And if we do it right we could use the launches as a mass driver to alter our orbit enough to dodge some of the near earth objects that we KNOW are going to be too close for comfort over the next 100 years.

 

Henry Ford would say (para) "No problem is all that difficult when you break it up into manageble tasks"

Bad Asset's picture

We probably should just invest everything we have in geothermal, it's slightly safer.  In 100 years I'm sure Monsanto will have developed a bacteria that eats radioactive material.

RichardP's picture

 

Radiation can't be broken up into manageable tasks when it kills you if you get too close.

Bendromeda Strain's picture

The main purpose of the sarcophagus is to shield the radioactive area from rain and wind that can carry away further particles into the surrounding area.

The Battle for Chernobyl shows water coming in the sarcophagus from rather large openings.

Antarctico's picture

Here is a fairly freaky video of the Chernobyl sarcophagus undergoing maintenance work in 2006 with guys in white plastic suits and oxygen tanks crawling all over the inside of the damn thing.  This is not a solid structure.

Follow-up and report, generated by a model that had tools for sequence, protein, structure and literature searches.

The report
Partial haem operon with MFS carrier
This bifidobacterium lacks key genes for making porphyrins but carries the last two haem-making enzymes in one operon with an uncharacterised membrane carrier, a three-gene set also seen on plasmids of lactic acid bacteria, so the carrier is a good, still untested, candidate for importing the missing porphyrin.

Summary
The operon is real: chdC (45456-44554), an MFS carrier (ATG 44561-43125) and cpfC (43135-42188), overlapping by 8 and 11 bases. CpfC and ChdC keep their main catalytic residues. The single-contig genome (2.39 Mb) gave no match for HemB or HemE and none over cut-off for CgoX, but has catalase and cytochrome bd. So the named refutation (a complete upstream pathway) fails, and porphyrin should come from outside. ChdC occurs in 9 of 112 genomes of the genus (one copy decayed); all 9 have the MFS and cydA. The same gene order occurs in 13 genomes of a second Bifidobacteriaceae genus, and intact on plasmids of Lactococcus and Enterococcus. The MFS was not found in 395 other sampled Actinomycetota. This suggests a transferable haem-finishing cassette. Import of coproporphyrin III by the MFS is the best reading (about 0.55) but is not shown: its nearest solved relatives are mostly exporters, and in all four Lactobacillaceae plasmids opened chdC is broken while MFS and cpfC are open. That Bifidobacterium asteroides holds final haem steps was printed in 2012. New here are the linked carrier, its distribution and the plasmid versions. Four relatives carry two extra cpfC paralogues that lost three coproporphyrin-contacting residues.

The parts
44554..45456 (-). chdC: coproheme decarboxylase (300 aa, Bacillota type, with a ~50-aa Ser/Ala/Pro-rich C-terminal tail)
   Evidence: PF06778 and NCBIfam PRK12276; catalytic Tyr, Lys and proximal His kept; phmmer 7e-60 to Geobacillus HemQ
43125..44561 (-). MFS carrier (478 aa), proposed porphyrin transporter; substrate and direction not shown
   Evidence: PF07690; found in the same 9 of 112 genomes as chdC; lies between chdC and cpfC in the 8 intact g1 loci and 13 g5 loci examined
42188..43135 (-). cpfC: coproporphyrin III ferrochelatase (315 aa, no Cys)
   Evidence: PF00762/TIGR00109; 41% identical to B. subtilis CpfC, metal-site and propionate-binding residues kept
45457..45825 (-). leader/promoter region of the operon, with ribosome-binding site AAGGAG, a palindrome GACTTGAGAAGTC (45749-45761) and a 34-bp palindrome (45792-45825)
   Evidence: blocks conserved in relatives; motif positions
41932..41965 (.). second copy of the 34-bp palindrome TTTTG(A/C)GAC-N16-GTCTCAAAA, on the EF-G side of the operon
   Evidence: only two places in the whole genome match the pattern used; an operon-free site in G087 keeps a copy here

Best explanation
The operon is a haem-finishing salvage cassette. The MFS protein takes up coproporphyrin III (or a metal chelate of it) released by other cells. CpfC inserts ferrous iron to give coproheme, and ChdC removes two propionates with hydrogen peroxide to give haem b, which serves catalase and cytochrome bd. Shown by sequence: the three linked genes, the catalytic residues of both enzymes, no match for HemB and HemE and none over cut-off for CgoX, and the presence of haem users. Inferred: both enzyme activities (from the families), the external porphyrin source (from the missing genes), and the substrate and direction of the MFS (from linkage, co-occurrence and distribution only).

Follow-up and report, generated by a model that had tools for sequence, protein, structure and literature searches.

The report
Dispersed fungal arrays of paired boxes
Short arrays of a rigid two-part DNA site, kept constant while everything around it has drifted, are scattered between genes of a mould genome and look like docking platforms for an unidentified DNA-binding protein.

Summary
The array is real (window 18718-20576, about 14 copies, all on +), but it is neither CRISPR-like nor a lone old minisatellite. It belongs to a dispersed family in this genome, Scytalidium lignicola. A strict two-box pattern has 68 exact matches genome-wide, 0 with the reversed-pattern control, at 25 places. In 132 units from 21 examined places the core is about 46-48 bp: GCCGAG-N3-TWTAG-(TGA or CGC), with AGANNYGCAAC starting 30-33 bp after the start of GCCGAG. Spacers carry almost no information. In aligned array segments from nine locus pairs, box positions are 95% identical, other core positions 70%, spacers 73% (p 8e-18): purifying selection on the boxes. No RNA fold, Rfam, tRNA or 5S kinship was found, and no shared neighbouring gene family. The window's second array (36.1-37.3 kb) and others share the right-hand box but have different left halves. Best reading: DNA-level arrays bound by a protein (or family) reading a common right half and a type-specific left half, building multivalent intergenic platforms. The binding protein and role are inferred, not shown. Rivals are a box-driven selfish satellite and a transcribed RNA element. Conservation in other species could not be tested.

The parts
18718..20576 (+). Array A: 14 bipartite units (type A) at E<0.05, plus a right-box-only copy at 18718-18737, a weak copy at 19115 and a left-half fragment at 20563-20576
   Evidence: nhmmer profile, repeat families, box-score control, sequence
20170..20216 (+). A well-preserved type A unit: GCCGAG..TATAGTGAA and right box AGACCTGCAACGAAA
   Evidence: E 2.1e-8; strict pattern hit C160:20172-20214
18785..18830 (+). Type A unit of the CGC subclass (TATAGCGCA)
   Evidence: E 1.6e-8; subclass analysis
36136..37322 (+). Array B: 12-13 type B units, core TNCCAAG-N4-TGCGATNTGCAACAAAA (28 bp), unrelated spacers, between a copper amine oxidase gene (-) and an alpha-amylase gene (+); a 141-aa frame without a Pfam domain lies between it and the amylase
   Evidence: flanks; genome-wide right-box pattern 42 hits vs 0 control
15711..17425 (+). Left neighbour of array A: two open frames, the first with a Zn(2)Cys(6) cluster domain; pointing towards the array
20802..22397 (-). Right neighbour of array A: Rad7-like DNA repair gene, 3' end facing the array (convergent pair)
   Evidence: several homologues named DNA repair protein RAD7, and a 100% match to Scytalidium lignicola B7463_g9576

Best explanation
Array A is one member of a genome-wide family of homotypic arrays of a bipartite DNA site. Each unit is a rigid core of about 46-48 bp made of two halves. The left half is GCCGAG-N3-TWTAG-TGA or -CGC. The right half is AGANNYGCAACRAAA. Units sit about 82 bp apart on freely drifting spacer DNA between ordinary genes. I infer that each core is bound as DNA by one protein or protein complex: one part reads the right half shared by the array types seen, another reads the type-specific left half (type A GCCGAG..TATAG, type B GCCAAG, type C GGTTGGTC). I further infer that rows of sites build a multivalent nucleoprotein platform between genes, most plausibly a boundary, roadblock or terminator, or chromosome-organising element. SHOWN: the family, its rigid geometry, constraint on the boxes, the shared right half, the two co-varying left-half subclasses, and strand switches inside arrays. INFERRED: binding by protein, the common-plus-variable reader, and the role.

whatsinaname's picture

Death by trial and error !! Is that what they want to do ?

Meanwhile, it seems the Chernobyl sarcophagus is also falling apart but Ukraine & belarus have no money to fix it !!

Bob Dobbs's picture

The Soviets did not use the liquid N cooling system.  The temperature suddenly dropped off (the fuel combined with the sand in the walls) as the lava poued into the various spaces.  Instead they filled the void with concrete.

nkktwotwozero's picture

> Instead they filled the void with concrete.

What void cant concrete fill?

The one in my heart?

--

Brought to you by Carl's Junior!

 

PenGun's picture

 The Church of the Subgenius is not amused.